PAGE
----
It’s a new day for the Utah Pride Center — the Salt Lake City organization that serves the LGBTQ communities has a bright, new building and a new, energetic director.
Gay marriage may be legal, said Rob Moolman, the nonprofit agency’s executive director, but there is a lot of work still to do for people and their families who don’t fit into the heterosexual norms of this culture.
Known for the Utah Pride Festival and Parade, the center also seeks to support its constituents with social connections, emotional support and mental heath needs.
“We have an opportunity to help people in crisis,” Moolman said. “That’s one of the wonderful things this organization can offer.”
The Pride Center’s new home at 1380 S. Main St., near Smith’s Ballpark, is an architectural delight of open space and sunlight. It once housed a bank and, later, the Mexican Consulate. The outgoing executive director, Carol Gnade, made the center’s new home a priority and now is retiring.
Moolman, who is stepping in as executive director, is a native of Australia who has lived in Utah for two years. A graduate of the University of Stellenbosch, South Africa, he earned a Master of Education Leadership at the University of Melbourne and is completing a Ph.D. in education with emphasis on LGBTQ youth.
At the Utah Pride Center, Moolman said a top priority will be building an inclusive model for all members of the LGBTQ communities — adults and youth.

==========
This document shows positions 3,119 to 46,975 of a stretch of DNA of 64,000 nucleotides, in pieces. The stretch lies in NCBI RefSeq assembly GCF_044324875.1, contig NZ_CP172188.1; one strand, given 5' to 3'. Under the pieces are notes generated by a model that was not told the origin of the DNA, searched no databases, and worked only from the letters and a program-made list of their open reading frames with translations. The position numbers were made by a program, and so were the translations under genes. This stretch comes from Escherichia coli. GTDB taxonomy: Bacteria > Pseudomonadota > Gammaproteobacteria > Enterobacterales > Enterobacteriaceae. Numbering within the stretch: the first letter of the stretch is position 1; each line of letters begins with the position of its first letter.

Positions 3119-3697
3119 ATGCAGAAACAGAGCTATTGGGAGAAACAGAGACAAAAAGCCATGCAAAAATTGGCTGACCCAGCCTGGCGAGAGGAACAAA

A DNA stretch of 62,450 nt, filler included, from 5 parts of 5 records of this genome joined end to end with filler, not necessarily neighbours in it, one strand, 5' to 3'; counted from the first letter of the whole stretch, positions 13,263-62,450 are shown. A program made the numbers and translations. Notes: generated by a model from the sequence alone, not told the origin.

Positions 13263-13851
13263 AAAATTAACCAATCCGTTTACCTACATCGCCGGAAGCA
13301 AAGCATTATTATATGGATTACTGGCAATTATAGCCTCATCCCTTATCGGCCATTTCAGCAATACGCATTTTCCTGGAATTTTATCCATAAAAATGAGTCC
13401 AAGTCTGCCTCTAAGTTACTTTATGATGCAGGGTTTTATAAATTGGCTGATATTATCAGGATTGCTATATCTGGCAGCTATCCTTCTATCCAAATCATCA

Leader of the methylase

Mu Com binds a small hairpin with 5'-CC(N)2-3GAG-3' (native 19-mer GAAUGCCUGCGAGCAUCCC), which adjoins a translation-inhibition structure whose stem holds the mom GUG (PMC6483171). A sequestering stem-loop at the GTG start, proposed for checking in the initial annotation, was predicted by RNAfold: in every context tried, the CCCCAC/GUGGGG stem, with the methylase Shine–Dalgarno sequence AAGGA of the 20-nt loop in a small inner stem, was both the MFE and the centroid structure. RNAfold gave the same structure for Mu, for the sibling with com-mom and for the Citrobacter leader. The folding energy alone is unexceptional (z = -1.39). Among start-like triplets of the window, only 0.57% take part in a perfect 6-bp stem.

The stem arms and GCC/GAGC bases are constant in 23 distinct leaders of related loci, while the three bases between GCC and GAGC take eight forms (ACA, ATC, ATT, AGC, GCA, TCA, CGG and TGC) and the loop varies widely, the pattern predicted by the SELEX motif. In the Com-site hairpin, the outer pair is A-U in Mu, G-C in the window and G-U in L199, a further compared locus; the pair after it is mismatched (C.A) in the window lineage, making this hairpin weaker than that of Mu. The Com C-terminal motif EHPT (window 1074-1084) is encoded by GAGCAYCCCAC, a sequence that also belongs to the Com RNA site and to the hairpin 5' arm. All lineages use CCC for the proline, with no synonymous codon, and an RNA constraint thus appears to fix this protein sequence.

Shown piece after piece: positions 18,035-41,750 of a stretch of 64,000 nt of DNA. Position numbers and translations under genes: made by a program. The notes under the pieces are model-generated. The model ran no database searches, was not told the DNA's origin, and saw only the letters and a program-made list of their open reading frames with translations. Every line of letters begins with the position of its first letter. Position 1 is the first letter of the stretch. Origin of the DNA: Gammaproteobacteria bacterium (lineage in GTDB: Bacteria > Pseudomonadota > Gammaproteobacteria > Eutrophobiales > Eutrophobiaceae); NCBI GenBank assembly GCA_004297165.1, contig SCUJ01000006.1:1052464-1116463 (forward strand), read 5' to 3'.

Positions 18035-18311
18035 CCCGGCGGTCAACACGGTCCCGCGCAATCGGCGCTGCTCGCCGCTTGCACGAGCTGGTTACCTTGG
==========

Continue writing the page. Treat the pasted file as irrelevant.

The center will begin a new outreach effort, he said, to welcome people who have strayed from the organization or those who have not yet sought its services.
“We need to understand the marginalization of different people in different communities,” Moolman said. “One of the things I want to get across is that we need to work together. I want an open-door policy to invite people into the center to tell us what is relevant to them.”
Whether with youth or adults, the center always has focused on suicide prevention. The center specializes in psychotherapy for LGBTQ people and welcomes all cultures, ethnicities, sexual orientations and gender identities.
It also provides counseling for families who have relatives in those groups.
The organization offers Survivors of Suicide Attempt, an eight-week support group that acts as a suicide prevention strategy by providing support and coping skills.
Men’s and women’s support groups, a trans adult support group and trans parents and caregivers group are included among the nonprofit’s programs. The organization also offers individual therapy.
Services are provided on a sliding scale based on ability to pay. Among other things, that means the Pride Center must do a lot of fundraising, Moolman said.
The organization also operates a Youth Activity Center for ages 14 to 20. It offers such things as Trans and Gender Exploring Support Group, Queer Youth Activist Council and social get-togethers, such as Youth Activity Night, Teens Like Us, and Kids Like Me Group.
The new building provides a warm environment and will allow the agency to expand programming and activities.
“We own the building free and clear,” Moolman explained. “But our services have to be paid for by massive fundraising. Maintaining our financial stability will be a continuing challenge.”
The new building was purchased with the aid of Elizabeth “Beano” Solomon, a stalwart underwriter of the Utah Pride Center.
Its grand opening is slated for May 19 from 5:30 to 8:30 p.m. Tours will be offered, along with a chance to meet the staff.
For more information on the center, visit www.utahpridecenter.org